Surrender Was The Biggest Blunder We Committed: Mir

Surrender Was The Biggest Blunder We Committed: Mir

27 October 2013
Rising Kashmir
Faisul Yaseen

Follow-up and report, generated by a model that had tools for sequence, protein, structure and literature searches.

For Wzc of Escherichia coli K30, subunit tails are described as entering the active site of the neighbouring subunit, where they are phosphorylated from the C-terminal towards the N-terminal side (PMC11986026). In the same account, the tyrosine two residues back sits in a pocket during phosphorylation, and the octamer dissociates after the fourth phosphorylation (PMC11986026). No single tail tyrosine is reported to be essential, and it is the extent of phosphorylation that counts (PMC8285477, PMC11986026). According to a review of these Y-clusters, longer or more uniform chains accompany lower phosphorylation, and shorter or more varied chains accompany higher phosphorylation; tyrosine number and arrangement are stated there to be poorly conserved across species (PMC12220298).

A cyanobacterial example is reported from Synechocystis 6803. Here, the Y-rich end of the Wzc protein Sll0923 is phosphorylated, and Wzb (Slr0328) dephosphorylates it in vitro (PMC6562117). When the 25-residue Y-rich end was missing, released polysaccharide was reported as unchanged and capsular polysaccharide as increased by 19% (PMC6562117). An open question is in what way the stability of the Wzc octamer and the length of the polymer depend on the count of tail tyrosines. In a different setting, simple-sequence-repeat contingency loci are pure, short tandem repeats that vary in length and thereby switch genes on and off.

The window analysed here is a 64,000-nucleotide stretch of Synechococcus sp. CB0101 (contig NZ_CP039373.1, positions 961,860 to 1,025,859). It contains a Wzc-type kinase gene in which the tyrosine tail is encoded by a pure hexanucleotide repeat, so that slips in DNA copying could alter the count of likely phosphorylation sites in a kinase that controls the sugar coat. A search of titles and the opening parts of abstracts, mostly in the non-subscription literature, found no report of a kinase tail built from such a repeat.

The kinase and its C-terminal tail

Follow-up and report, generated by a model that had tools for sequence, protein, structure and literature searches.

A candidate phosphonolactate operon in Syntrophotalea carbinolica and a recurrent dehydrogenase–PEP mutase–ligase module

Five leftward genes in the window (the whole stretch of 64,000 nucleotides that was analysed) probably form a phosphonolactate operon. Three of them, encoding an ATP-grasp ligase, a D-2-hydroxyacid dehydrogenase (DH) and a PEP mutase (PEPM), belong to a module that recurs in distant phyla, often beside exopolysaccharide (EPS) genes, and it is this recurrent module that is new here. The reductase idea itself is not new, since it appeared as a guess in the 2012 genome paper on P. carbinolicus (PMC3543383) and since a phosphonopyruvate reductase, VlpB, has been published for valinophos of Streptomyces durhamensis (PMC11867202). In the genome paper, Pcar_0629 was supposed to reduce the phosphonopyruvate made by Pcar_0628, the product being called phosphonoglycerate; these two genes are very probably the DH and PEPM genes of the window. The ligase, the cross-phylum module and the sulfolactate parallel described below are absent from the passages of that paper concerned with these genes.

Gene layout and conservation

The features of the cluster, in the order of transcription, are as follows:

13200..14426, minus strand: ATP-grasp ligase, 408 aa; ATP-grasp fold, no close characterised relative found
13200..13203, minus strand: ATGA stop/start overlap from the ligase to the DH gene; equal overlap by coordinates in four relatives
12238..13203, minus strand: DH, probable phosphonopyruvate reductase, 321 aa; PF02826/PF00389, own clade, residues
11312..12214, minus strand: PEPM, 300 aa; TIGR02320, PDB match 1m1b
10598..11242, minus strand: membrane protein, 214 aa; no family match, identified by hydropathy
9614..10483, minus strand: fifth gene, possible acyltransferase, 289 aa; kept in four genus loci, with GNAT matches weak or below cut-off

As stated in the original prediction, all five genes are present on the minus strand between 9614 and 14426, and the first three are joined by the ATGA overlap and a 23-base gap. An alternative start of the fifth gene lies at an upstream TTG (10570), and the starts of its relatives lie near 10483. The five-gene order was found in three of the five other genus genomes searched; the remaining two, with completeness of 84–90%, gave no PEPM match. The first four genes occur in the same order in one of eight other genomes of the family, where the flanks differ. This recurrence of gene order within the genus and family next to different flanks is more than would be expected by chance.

Srinagar: Peace is proving costly for the former militant commanders and separatist leaders as government has opened hundreds of cases against them. Numerous cases have been opened against Hurriyat leaders including Syed Ali Geelani, Mohammad Yasin Malik, Shakeel Bakhshi, Showkat Bakhshi, Mushtaq-ul-Islam, Shahid-ul-Islam, Zafar Akbar Bhat, Noor Muhammad Kalwal and Firdous Shah besides hundreds of other Hurriyat and JKLF activists. Senior Hurriyat leader and Chairman of Jammu and Kashmir Liberation Front (Hakeeki) Javed Ahmad Mir said last month he had to get bail in 14 cases from different courts. 'Cases are registered against us in TADA Court in addition to cases in district courts,' Mir said. 'There are also cases against us in the CBI.' The senior separatist leader blamed the Indian civil society for being a 'war machine' of the Government of India. 'When we were part of an armed movement, Indian civil society members like Kuldip Nayar, Justice Rajinder Sachar, Justice Vithal Mahadeo Tarkunde, Tapan Bose and Nalini Singh would come and persuade us to pursue a peaceful movement,' said Mir, who was among the first few youth in Kashmir to take up arms for waging an armed struggle. 'I think they were working on Government of India’s plan so that guns fall silent,' he said. 'They did so because JKLF was running the show in Kashmir between 1988 and 1994.' According to Mir, under the influence of the Indian civil society and the visiting delegates from the United States, United Kingdom, European Union and various international human rights organizations, who also urged them to pursue a peaceful movement instead of an armed movement, JKLF declared a unilateral ceasefire in 1994. 'It was the biggest blunder we committed,' Mir said. Following the ceasefire, over 400 militants of JKLF were killed. JKLF ideologue and noted human rights activists Jaleel Andrabi was also killed in March 1996 after being detained on March 8, 1996 in Srinagar by Major Avtar Singh of the 35th Rashtriya Rifles unit of the Army. 'These killings were the Indian government’s prize to us for the ceasefire,' Mir said. 'The government also started slapping PSA (Public Safety Act) after PSA on us.' He said the government was continuing its vendetta against the separatists. 'Instead of having guns in our hands, we are fighting peacefully now, but the government is settling scores with us by opening hundreds of cases against us,' Mir said. The separatist leader said he was surprised that the cases had been opened without their knowledge. He said most of these cases had been opened after the mass uprising in 2010. 'The state government, intelligence agencies, police–all are after us,' Mir said. However, Mir was all praise for the Kashmiri lawyer community including Advocate Aijaz, Shafqat, Mian Qayoom, Nazir Ronga, Aijaz Bedar, Imtiyaz Khan, Bashir Sidiq, Mohammad Rafiq Joo, Zaffar Shah, Imtiyaz Sofi, Ghulam Nabi Shaheen and Mir Urfi. He said while cases were being opened against the separatists, no cases were registered for the civilian killings by the State forces. Advocate Shafqat Mir told Rising Kashmir that hundreds of open FIRs stood registered against youth as well as separatist leaders in cases related to protests and stone-pelting. 'Most of these cases were opened after 2008,' he said. Talking to Rising Kashmir, Inspector General of Police, Kashmir, Abdul Ghani Mir told Rising Kashmir, 'Those cases must have been registered against them for militant activities.' 'I can’t tell about the history of those cases without seeing the records,' he said. However, Javed Mir said by launching a crackdown on separatists and youth, the government was only asking for violence. 'Perhaps, a violent Kashmir movement is what the government wants for showing to the international community that Kashmiris are extremists,' he said. Mir said he may not take up gun again 'but the new generations have been pushed to the wall and are left with no option but to strike back'. He said youth would look for guns and added that there was a visible trend in the past three to four years that youth who had taken up arms were the ones 'victimized' by the State. Mir also expressed apprehensions that the government may any day hang them in one of those cases. 'The government only waits for the time to pull the noose,' he said. Minister for Rural Development and Panchayat Raj Ali Mohammad Sagar told Rising Kashmir the government did not deal with the said cases as they were in the court. Sagar said the government had even granted amnesty to many separatists and stone-pelters in various cases registered against them. Chief Minister Omar Abdullah’s Political Secretary Tanvir Sadiq seconded Sagar and said the government’s jurisdiction ends whenever a case goes to the court. He said no new FIRs had been registered against them and the government had even given amnesty to some separatists and released them ahead of Eid as a goodwill gesture. Javed Mir was also critical of the West saying that while they had a lot of time for Malala Yousufzai, no one bothered about the death of Aasiya Jeelani, Neelofer Jan, Asiya Jan, Zahid Farooq and Wamiq Farooq and injuries to Khurram Parvez. Mir said in the name of peace, Government of India was 'cutting the Kashmiris to pieces'.